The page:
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Big-spending Dems have a surprise for you: the VAT

Dr. Mark W. Hendrickson's picture

Recently, progressives have made noise about introducing a value-added tax (VAT) in the United States. The VAT is an indirect tax — that is, Americans wouldn’t pay the tax directly to government, but would pay it to businesses as part of the retail price of things we buy, and businesses would then remit the tax to Uncle Sam.

A VAT is set at a fixed rate — say, 10 or 15 percent — added to the price of a good at every step of production, with a deduction allowed for the amount of VAT paid during earlier stages of production. The more steps there are in transforming raw materials into complex consumer goods, the higher the resulting consumer price as a result of those multiple layers of taxation.

Many countries have VATs, including Canada, Mexico, and the European Union. One might say that a VAT is an emblem signifying that a country’s government consumes a large percentage of its GDP, for VATs seem to go hand-in-hand with big-budget nanny states.

The reason for this phenomenon is simple: Any government that seeks to be all things to all people, and therefore seeks to spend ubiquitously, must inevitably seek to tax ubiquitously. Such governments have insatiable appetites for revenue. Because VATs are cash cows, diverting huge sums of money from consumers to government, they are favorites of big-spending governments.

Unfortunately, though, VATs have significant negative economic consequences.

Because they inflate consumer prices, quantities demanded fall. Most often, the marginal buyers who can no longer afford to pay the higher price are poorer citizens. When government policy raises prices (see “Government Intervention and Higher Prices”), the first victims are poor people.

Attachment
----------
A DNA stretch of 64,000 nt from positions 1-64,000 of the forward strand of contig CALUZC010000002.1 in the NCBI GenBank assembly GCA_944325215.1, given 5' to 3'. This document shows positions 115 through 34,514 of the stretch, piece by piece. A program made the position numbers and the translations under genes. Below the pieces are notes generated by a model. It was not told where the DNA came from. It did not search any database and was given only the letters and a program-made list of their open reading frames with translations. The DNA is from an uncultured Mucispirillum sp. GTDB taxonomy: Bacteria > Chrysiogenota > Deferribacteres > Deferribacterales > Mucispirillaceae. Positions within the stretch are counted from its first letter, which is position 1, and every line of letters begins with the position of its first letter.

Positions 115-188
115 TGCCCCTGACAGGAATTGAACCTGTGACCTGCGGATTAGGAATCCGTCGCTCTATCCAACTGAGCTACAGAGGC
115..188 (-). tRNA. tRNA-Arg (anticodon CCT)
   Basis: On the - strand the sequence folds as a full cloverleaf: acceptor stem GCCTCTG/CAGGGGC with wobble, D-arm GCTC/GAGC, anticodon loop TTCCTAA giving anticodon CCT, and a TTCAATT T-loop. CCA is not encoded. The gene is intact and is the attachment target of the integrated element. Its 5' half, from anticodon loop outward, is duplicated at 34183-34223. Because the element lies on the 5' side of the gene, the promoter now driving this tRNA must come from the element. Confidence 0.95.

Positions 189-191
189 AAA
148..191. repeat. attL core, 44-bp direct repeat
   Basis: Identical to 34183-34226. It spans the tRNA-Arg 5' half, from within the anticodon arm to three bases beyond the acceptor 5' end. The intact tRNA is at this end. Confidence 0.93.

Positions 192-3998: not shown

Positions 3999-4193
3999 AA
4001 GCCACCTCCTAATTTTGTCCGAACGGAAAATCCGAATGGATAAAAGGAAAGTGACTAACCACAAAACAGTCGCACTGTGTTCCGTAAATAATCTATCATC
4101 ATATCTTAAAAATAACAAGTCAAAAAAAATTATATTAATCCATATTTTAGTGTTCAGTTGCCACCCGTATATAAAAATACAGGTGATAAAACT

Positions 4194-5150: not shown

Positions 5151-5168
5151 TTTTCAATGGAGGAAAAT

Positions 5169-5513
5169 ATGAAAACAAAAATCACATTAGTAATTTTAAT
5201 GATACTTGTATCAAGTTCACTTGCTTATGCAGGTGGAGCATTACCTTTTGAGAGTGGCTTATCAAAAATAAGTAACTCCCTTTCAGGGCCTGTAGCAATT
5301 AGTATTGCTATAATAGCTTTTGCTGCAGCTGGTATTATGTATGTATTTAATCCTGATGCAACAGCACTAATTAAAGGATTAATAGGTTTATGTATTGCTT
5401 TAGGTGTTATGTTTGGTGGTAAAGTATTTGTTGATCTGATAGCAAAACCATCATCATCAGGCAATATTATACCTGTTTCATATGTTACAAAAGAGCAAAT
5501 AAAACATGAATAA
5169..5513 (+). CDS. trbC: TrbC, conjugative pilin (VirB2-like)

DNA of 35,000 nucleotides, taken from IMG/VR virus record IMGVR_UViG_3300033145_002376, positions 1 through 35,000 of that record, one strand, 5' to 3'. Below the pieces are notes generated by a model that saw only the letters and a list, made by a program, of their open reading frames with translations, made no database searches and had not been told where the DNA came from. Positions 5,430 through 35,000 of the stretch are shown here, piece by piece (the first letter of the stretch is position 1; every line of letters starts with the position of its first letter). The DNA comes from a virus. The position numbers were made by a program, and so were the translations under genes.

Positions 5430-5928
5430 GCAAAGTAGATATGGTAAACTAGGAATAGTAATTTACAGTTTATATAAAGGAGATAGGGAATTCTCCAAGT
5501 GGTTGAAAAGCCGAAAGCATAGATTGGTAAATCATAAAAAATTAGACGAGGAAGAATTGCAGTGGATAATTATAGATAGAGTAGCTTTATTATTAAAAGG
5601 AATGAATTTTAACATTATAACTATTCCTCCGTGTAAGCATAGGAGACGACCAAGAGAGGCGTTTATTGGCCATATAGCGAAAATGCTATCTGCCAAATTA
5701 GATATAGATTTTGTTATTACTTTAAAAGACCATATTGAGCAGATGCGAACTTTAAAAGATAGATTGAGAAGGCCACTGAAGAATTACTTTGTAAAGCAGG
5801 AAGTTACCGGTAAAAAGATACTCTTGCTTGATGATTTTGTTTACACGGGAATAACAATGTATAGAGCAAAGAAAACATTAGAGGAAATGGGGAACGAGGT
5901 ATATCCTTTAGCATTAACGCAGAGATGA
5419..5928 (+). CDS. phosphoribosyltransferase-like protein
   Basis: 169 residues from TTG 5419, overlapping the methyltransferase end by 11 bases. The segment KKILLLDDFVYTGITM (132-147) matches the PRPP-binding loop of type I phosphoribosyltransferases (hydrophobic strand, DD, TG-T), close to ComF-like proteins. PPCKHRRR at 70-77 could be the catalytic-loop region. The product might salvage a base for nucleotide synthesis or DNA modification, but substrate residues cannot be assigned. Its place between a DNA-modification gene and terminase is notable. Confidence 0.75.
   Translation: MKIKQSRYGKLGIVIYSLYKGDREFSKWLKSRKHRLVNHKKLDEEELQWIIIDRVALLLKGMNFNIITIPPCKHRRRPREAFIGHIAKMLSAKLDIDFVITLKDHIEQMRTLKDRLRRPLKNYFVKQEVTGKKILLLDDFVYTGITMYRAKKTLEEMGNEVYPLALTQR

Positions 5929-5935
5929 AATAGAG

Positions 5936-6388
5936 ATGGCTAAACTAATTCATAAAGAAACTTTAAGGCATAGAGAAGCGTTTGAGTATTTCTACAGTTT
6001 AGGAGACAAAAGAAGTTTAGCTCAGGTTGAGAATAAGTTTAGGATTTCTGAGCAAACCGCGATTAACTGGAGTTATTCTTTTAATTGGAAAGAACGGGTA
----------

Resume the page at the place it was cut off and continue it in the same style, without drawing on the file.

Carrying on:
The second victims of a VAT are the workers who will lose their jobs as a result of falling demand for the newly higher-priced goods.

Many affluent Americans may not curtail their consumption, but because more of their money is diverted to the government treasury, their savings must correspondingly decline. This results in decreased capital accumulation, which, in turn, slows business expansion, development, and formation. It also slows the growth rate of labor productivity, hence retarding economic progress for workers.

The desire of today’s big spenders in Washington to greatly increase their revenues is reminiscent of how FDR financed his spending binge during the Great Depression.

During the 1930s, federal revenues from the income tax fell the more tax rates were raised. (Congress, take note.) To raise more revenue, FDR and Congress increased excise taxes — taxes embedded in the price of common consumer goods like gasoline, milk, and cigarettes. The effectiveness of those taxes as generators of government income derived from the fact that those taxes are difficult to avoid, unless you can live without milk, gasoline, etc.

VATs are essentially excise taxes. They are economically destructive and hit society’s most vulnerable members the hardest. Here let me offer both a political strategy to resist the imposition of a VAT and an alternative proposal for opponents of a VAT to rally around:

The strategy is a recommendation to Republicans to not obsess about or campaign for balanced budgets. This is not to say that deficits don’t matter. They do, and they’ve got to go.

The problem with focusing on a balanced budget is that it sets up a dynamic of balancing spending cuts and tax increases. Tax increases, as we have already seen, depress economic conditions. Who can get excited about that kind of economic plan?

Deficits need to be eliminated by cutting spending, however unpopular that may be in certain quarters.

As economists for the past two centuries have made plain, the real burden of government is not what it taxes but what it spends, because whatever it spends comes at the expense of citizens, whether via taxes, borrowing, or creating additional Federal Reserve Notes.